First among these standards is the Graphical Kernel System, GKS, defined in American National Standards Institute, American National Standard for Information Processing Systems – Computer Graphics – Graphical Kernel System (GKS) Functional Description (1985) and described and illustrated by Hopgood et al. (1986) and Enderle et al. (1984). GKS became a full International Standards Organization (ISO) standard in 1985, and its purpose is to standardize the interface between application software and the graphics system, thus enhancing portability of software. Specifications for Fortran, Pascal and Ada formulations are at an advanced stage of development. Its value to crystallographers is limited by the fact that it is only two-dimensional. A three-dimensional extension known as GKS-3D, defined in International Standards Organisation, International Standard Information Processing Systems – Computer Graphics – Graphical Kernel System for Three Dimensions (GKS-3D), Functional Description (1988) became an ISO standard in 1988. Perhaps of greatest interest to crystallographers, however, is the Programmers' Hierarchical Interactive Graphics System (PHIGS) (Brown, 1985; Abi-Ezzi & Bunshaft, 1986) since this allows hierarchical segmentation of picture content to exist in both the applications software and the graphics device in a related manner, which GKS does not. Some graphics devices now available support this type of working and its exploitation indicates the choice of PHIGS. Furthermore, Fortran implementations of GKS and GKS-3D require points to be stored in arrays dimensioned as X(N), Y(N), Z(N) which may be equivalenced (in the Fortran sense) to XYZ(N, 3) but not to XYZ(3, N), which may not be convenient. PHIGS also became an International Standard in 1988: American National Standards Institute, American National Standard for Information Processing Systems – Computer Graphics – Programmer's Hierarchical Graphics System (PHIGS) Functional Description, Archive File Format, Clear-Text Encoding of Archive File (1988). PHIGS has also been extended to support the capability of raster-graphics machines to represent reflections, shadows, see-through effects etc. in a version known as PHIGS+ (van Dam, 1988).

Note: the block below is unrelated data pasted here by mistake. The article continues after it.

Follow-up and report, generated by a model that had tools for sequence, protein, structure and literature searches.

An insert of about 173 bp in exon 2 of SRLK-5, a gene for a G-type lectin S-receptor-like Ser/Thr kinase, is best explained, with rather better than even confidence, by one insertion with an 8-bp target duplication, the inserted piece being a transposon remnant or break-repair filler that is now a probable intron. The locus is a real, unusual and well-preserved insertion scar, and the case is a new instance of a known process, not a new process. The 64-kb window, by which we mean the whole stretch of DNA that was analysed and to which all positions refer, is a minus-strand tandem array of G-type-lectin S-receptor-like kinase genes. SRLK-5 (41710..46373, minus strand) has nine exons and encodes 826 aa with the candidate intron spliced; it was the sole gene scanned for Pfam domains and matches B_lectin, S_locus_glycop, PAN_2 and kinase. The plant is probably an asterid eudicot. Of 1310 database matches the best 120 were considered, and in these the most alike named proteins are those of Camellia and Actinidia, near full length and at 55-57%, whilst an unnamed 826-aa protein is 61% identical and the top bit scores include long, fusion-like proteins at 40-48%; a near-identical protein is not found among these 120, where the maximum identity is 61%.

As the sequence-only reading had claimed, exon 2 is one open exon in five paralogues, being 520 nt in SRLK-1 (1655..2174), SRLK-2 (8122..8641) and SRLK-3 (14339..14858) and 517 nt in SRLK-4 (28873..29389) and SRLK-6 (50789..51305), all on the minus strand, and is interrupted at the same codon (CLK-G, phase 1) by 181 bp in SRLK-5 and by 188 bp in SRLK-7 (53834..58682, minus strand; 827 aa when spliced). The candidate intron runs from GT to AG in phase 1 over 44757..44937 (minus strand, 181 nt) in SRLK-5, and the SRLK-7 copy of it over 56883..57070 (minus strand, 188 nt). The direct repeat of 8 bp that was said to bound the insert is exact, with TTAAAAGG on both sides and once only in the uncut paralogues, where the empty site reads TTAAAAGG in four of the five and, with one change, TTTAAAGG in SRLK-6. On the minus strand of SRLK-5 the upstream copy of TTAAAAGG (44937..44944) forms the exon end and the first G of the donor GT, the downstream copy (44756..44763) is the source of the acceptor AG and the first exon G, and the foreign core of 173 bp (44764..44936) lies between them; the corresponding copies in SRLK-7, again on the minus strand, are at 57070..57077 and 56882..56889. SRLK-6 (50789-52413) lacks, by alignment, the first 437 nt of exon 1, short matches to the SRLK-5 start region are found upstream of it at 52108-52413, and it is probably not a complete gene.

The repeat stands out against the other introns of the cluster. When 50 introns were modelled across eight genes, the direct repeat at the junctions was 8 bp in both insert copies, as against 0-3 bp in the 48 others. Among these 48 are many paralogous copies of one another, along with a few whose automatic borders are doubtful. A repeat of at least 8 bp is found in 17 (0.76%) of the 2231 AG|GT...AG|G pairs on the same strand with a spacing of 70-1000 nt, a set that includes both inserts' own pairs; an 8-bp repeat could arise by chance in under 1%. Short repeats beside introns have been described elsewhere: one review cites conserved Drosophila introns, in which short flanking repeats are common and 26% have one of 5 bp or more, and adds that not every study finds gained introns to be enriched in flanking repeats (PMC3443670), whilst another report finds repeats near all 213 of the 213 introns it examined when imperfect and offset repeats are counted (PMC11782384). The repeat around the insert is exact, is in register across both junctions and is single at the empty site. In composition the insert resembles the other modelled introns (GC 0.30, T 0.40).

Increasingly, manufacturers of graphics equipment are orienting their products towards one or other of these standards. While these standards are not the subject of this chapter it is recommended that they be studied before investing in equipment.